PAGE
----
(2) apparently inflexible adherence to specific, nonfunctional routines or rituals
(3) stereotyped and repetitive motor mannerisms (e.g., hand or finger flapping or twisting, or
complex whole-body movements)
(4) persistent preoccupation with parts of objects
(American Psychiatric Association, 1994: p. 77)
This disturbance must be clinically significant, but without clinically significant language delay or
delay in cognitive development or other skills
The DSM–IV diagnosis is based on impairment
of social interaction and the presence of stereotypical or repetitive behaviours (Box 2). Diagnosis
requires that the impairment is clinically significant,
occurs before 3 years of age and excludes clinically
significant delay in language, cognition or other
skills. The ICD–10 research criteria (World Health
Organization, 1993) are virtually identical. By
excluding speech and language difficulties, the
DSM definition of Asperger disorder is narrower
than Asperger syndrome as defined by Wing or
Gillberg and would exclude some of the original
cases described by Hans Asperger. As the vast
majority of persons with Asperger disorder/syndrome do have speech and language abnormalities
it was hoped that future text revisions of DSM–IV
might correct this anomaly. Indeed, the recent DSM–
IV–TR guides that the occurrence of “no clinically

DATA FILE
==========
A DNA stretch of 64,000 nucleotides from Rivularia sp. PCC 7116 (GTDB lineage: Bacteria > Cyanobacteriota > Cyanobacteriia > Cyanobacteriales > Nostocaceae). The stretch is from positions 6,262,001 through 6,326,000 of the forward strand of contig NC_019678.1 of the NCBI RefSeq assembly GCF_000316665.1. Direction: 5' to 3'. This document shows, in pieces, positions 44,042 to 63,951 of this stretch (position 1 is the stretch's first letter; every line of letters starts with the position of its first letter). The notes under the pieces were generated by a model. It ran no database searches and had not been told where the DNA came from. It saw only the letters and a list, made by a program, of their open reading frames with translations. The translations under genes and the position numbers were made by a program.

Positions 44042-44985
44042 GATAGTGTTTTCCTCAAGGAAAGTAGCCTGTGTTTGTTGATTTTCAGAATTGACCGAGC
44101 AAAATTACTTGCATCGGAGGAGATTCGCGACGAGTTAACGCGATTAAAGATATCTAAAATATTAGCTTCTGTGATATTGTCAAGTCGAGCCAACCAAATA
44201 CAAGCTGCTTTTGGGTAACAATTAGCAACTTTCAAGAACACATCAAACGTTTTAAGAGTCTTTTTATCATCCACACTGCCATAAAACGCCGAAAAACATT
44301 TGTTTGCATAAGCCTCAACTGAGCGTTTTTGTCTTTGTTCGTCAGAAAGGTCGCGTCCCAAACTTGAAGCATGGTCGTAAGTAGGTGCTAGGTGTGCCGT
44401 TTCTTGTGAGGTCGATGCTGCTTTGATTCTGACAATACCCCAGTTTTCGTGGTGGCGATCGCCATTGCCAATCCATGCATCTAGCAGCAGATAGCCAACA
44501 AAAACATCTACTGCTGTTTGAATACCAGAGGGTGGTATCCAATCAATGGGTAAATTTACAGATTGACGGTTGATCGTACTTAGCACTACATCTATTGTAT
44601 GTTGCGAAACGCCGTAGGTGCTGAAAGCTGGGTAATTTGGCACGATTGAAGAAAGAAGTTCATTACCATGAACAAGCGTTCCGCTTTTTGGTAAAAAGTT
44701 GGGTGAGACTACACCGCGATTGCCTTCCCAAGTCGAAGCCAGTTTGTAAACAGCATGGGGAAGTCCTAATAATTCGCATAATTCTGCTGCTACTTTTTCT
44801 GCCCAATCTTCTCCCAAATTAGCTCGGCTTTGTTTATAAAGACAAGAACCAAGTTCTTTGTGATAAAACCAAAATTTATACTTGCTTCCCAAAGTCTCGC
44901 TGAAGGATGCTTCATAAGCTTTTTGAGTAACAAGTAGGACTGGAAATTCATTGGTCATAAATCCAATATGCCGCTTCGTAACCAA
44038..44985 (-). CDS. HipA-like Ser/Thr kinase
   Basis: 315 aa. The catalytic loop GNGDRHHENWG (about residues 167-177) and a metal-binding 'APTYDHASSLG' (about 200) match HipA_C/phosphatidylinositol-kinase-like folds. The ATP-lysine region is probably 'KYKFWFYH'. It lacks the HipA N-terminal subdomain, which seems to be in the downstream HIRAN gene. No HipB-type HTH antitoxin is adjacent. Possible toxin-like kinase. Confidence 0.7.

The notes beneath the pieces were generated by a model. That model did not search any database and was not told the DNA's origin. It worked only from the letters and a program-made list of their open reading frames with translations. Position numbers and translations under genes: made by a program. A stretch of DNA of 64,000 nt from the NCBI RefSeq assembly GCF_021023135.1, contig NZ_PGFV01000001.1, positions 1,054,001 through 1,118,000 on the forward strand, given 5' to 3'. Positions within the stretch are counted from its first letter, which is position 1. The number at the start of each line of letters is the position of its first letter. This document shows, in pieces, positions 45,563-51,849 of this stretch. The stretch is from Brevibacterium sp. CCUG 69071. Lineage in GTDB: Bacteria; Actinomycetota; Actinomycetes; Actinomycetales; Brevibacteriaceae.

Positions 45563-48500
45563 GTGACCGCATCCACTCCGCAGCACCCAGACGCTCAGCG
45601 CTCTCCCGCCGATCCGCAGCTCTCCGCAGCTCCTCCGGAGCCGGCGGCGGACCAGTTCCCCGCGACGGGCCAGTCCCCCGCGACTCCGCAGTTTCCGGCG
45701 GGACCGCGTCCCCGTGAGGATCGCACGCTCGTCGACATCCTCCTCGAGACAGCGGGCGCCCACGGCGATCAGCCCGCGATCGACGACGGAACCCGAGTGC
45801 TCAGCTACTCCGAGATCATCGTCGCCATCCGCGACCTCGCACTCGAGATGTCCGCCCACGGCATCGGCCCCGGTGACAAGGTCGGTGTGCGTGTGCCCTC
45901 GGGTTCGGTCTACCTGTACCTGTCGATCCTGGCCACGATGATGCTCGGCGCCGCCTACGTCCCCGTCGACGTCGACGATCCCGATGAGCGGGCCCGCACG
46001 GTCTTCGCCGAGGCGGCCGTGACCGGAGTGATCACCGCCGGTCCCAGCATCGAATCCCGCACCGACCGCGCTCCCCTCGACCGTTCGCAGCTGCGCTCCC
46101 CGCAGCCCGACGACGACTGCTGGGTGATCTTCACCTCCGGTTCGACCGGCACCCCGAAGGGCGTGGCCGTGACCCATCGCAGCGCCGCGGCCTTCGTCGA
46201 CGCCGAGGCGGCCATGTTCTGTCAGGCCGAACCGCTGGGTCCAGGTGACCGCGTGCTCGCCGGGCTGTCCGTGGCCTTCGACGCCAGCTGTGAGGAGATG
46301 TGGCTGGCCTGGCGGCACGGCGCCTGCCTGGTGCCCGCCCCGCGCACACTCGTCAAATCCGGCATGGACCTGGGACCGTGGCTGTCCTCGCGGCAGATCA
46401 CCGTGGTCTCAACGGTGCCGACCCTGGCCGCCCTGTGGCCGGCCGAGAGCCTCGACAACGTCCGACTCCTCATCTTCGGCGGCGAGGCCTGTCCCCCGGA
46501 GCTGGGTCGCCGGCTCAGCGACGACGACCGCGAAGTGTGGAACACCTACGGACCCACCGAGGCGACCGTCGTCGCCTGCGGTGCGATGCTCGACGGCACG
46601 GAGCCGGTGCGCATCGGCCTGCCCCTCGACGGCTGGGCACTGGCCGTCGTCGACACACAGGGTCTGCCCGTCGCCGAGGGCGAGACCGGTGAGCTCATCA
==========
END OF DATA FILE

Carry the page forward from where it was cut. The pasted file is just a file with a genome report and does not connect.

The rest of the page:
significant delays in language does not imply that
individuals with Asperger Disorder have no
problems with communication” (American Psychiatric Association, 2000, p. 80). Examples given
include unusual verbosity or subtle abnormalities of
social communication (such as turn-taking in conversation). We feel that DSM–IV–TR draws attention
to the issue, but underestimates the language
difficulty involved. This paper examines the differential diagnosis of Asperger syndrome (Wing, 1981)
and disorder (American Psychiatric Association,
1994), beginning with the more common and finish
with the less common causes of diagnostic confusion.
Differential diagnosis
Other pervasive developmental
disorders (PDD)
Autism/autism spectrum disorders (DSM–IV)
Autism shares the same DSM criteria for abnormal
social interaction and behaviour as Asperger
disorder, but requires additional impairments in
communication (Box 3). Delay or impairment in
social interaction, communication or behaviour
must arise before age 3 years. In DSM–IV, if both
autism and Asperger disorder diagnoses can be
made, the autism diagnosis takes precedence. Unlike
Asperger disorder (which excludes individuals with
delays in cognitive abilities or other skills), autism
can occur at all levels of ability: the majority (70%)
of cases have associated learning disabilities and
almost half have an IQ below 50.
In a prevalence study of autism, Wing & Gould
(1979) identified a large number of children who
failed to meet the diagnostic criteria for classic
autism, but had a triad of impairments involving
social interaction, communication and imagination,
with additional repetitive stereotyped activities. This
triad of symptoms, termed the ‘autistic spectrum’,